Again forward, this time maybe ten feet. The Cranks followed as best they could—the short moment of silence as they were left behind didn’t last, though. Soon the screams and thumps and bangs began all over again. A man reached through the hole in the back with a long knife, started slashing left and right at anything and nothing. Thomas lifted his gun and fired. How many had he killed? Three? Four? Had he killed them?
With one last long, terrible squeal, the van shot forward and then didn’t stop. It bounced a couple of times as it ran over the Cranks who’d been in their path; then it smoothed out and picked up speed. Thomas looked out the back, saw bodies falling off the roof and onto the street. The remaining Cranks gave chase, but soon they were all left behind.
Thomas collapsed onto the seat, lying on his back, staring up at the dented roof. He sucked in huge, heavy breaths, tried to regain control of his emotions. He was barely aware of Lawrence turning off the one headlight that hadn’t been smashed, making two more turns, then slipping through an open garage door that closed as soon as they cleared it.
When the van pulled to a stop and Lawrence shut off the engine, silence enveloped Thomas’s world. The only thing he heard was the rush of pumping blood inside his head. He closed his eyes and tried to slow his breathing. Neither of the other two said anything for a couple of minutes, until Lawrence broke the silence.
“They’re out there, surrounding us, waiting for us to get out.”
Thomas forced himself to sit up and face the front again. Outside the broken windows, it was totally dark.
“Who?” Brenda asked.
“The boss’s guards. They know this is one of their vans, but they won’t approach us until we get out and show ourselves. They need to confirm who we are—I’d guess we have about twenty weapons aimed at us right now.”
“So what do we do?” Thomas asked, not ready for another confrontation.
“We get out, nice and slow. They’ll recognize me soon enough.”
Thomas crawled over the seats. “Do we get out at the same time, or should just one of us go first?”
“I’ll get out first, tell them it’s okay. Wait until I knock on the window to get out,” Lawrence answered. “Ready?”
“I guess,” Thomas sighed.
“It would really suck,” Brenda said, “if we went through all that just to have them shoot us. I’m sure I look like a Crank right about now.”
Lawrence opened his door and Thomas waited, anxious for his cue. The loud rap on the frame of the van startled Thomas, but he was ready.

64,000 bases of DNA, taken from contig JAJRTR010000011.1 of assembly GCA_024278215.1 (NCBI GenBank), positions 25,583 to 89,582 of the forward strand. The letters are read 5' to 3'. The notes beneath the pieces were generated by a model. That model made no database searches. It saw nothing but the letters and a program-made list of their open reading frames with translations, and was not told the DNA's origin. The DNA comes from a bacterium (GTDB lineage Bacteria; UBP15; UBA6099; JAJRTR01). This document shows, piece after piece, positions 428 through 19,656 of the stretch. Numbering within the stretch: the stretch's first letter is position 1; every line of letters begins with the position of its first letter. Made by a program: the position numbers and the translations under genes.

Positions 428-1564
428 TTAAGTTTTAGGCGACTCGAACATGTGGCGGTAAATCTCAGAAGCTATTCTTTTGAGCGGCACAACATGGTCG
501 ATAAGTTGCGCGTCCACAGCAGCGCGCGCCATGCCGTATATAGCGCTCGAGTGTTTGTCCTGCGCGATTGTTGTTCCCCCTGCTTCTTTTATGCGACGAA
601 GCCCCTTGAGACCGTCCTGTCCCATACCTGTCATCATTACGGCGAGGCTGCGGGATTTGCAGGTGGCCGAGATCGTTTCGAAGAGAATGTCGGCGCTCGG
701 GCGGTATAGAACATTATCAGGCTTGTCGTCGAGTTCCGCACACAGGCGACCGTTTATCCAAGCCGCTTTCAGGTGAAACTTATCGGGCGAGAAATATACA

Brenda eased her door open slowly and stepped out. Thomas followed her, straining to see in the darkness, but the room was pitch-black.
A loud click sounded and the place was instantly flooded with bright white light. Thomas threw his hands up and squeezed his eyes shut, then, shielding himself, squinted to see what was going on. A huge spotlight mounted on a tripod was pointed directly at them. He could just make out the silhouettes of two figures on either side of it. Scanning the rest of the room, he saw that there were at least a dozen other people, all holding various types of weapons, just as Lawrence had said there would be.
“Lawrence, is that you?” a man called out, his voice echoing against concrete walls. It was impossible to tell which person had spoken.
“Yeah, it’s me.”
“What happened to our van, and who are these people? Tell me you didn’t bring infecteds in here.”
“We got jumped by a huge group of Cranks down the alley a ways. And these guys are Munies—they forced me to bring them to you. They want to see the boss.”
“Why?” the man asked.
The man cut Lawrence off. “No, I want to hear it from them. State your names, why you forced our man to come here and destroy one of the few vehicles we have left. And it better be a good reason.”
Thomas and Brenda exchanged a look to see who should talk and Brenda nodded to him.
He returned his gaze to the spotlight, focusing on the person to the right of it. That was his best guess at who’d been doing the talking. “My name is Thomas. This is Brenda. We know Gally—we were with him at WICKED and he told us about the Right Arm and what you guys are doing a few days ago. We were on board to help, but not like this. We just want to know what you’re planning, why you’re kidnapping immune people and locking them up. I thought that was WICKED kind of stuff.”
Thomas didn’t know what he’d expected, but the guy started to chuckle. “I think I’ll let you see the boss just so you get the damn idea out of your head that we’d ever do anything like WICKED.”
Thomas shrugged. “Fine. Let us see your boss.” The man seemed sincere in his disgust with WICKED. But it still didn’t make sense why they’d taken all those people.
“You better not be blowing things out your butt, kid,” the guy said. “Lawrence, bring them in. Somebody else check the van for weapons.”
Thomas kept silent as he and Brenda were led up two flights of dingy metal stairs. Then through a weathered wooden door, down a dirty hallway with one lightbulb and wallpaper peeling from the walls, then finally to a large space that might’ve been a nice conference room fifty years earlier. Now all it held was a big, scarred table with plastic chairs scattered haphazardly around the room.
Two people sat at the far side of the table. Thomas noticed Gally first, on the right. He looked tired and disheveled, but he managed a slight nod and a small smile—nothing more than an unfortunate wrinkle in the mess that was his face. A huge man was next to him, more fat than muscle, his girth barely contained between the arms of the white plastic chair he sat in.